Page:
Extraction of deciduous teeth with poor prognosis and eradicating the periodontal pathogens creates a safe environment for eruption of permanent teeth. Teeth having deep periodontal pockets are treated by flap surgical procedures. To restore masticatory function, prosthetic approach is necessary.
The prosthetic approach is an age-specific treatment involving fabrication of partial or complete dentures initially. At an early age, during mixed dentition period, missing teeth are replaced with removable prosthesis (Figure 5). Smaller size and more translucent teeth are selected, giving space between the teeth that resembles deciduous dentition. After insertion of the removable prosthesis, regular follow-up of the patient has to be carried out.48 Rehabilitation of an edentulous PLS patient can be done with conventional complete dentures, modified complete dentures (Figure 6), implant-supported complete dentures, over dentures, or a combination of these; however, the final treatment will be based on chief complaint, patient’s expectations, availability of supporting bone, and affordability of the treatment for the patient.
Figure 5 Prosthetic rehabilitation with removable partial dentures.
Figure 6 Prosthetic rehabilitation with modified removable complete denture.
Dental implants are contraindicated in growing individuals since they act like submerged or ankylosed teeth,49 resulting in infra-positioning of implants.50 Implant-supported prostheses enhance the retention, support, and stability of prostheses. Osseo-integrated implants offer an alternative that will provide major improvements in the long-term prognosis for oral rehabilitation in PLS patients.51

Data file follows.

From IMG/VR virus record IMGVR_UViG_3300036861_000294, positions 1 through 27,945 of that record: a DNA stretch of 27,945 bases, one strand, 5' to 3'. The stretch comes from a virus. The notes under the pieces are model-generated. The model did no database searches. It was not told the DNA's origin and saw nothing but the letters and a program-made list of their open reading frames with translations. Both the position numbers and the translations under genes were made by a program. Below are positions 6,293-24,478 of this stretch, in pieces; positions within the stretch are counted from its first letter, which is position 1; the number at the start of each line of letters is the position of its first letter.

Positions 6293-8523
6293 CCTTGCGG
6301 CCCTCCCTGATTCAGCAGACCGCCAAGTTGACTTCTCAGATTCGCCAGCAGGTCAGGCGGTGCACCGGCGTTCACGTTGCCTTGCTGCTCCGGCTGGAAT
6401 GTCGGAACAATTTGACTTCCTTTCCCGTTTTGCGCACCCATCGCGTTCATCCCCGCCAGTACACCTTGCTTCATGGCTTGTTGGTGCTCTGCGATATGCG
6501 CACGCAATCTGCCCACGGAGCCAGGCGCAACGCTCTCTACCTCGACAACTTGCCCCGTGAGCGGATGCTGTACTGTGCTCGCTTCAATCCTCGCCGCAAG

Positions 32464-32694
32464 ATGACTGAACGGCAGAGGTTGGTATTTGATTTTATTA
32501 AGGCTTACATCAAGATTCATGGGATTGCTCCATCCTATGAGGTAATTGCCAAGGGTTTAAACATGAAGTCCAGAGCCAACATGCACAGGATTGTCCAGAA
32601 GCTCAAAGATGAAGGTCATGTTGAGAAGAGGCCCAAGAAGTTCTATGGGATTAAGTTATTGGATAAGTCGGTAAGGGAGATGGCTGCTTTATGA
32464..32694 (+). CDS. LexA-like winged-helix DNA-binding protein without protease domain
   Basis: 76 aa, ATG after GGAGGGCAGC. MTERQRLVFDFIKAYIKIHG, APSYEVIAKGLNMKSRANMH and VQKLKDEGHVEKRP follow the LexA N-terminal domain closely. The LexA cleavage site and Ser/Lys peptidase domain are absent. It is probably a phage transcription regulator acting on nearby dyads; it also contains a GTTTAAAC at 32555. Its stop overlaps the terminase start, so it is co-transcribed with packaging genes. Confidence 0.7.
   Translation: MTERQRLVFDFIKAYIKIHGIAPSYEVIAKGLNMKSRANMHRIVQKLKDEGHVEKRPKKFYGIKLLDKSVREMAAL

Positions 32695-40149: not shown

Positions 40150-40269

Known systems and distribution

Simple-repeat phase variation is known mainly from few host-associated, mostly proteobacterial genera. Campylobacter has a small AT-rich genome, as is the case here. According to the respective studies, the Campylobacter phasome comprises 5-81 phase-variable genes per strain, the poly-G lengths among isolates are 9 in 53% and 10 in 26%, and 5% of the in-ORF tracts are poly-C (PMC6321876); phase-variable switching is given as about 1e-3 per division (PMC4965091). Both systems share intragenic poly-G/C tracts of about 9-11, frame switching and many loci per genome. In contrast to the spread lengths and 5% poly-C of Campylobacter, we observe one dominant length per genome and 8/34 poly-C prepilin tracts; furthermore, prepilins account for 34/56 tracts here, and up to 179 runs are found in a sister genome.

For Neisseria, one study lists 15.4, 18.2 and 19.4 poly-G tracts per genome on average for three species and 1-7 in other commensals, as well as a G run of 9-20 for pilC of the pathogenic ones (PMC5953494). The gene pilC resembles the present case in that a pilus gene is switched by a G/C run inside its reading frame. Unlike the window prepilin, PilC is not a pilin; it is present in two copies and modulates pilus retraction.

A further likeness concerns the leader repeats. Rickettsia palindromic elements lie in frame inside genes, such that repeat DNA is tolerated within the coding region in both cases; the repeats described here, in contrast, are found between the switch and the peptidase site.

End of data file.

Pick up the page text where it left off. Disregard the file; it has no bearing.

Dermatological manifestations of PLS are usually treated with emollients, and salicylic acid and topical steroids may be added to enhance their effect. Oral retinoids such as acitretin, etretinate, and isotretinoin are proven to be beneficial in treating both dental and cutaneous lesions of PLS.52 Retinoid treatment is usually started at the time of eruption of successor teeth and is followed until the completion of the normal development process.53 These retinoids are vitamin A metabolites which are involved in the regulation of growth and differentiation of epithelial cells, and they are known to have a profound effect on keratinization by decreasing the total keratin content of keratinocytes. During recent years, systemic medication with synthetic retinoids has proven to possess a positive effect on cutaneous lesions in patients with PLS.54,55
Retinoids are also thought to influence inflammation by stimulating both humoral and cellular immunity. After 8 weeks of oral acitretin, there was a dramatic improvement with marked reduction of keratodermas.56
The adverse effects of retinoids include dryness of lips, mild pruritus, transient hair loss, elevated serum triglycerides and liver enzymes, hypervitaminosis A, teratogenicity, and liver toxicity.
In the long-term, therapy of keratosis with retinoids can lead to bone toxicity with resultant disturbances of growth in children, premature closure of epiphysis, and traumatic fractures.57 In the future, stem cell therapy can be expected to open up new modalities in dental treatment of such children.
PLS is a rare autosomal recessive disorder. It is important that dental professionals be familiar with the etiopathogenesis of PLS, as well as with PLS-specific dermatologic manifestations and periodontal involvement, to be able to identify the disease in its very early stages. Early diagnosis of PLS-associated periodontitis and institution of an appropriate periodontal/antimicrobial treatment regimen might improve the prognosis for the dentition. This should prevent or delay tooth loss and enhance early replacement of missing teeth for preservation of function and aesthetics. In conclusion, successful periodontal management of PLS patients remains challenging. However, as our understanding of the etiopathogenesis increases, it is hoped that successful treatment strategies will be developed. The prosthetic approach provides psychological and social benefit to the patient by restoring not only the function but also the aesthetic appearance.
The authors report no conflicts of interest in this work.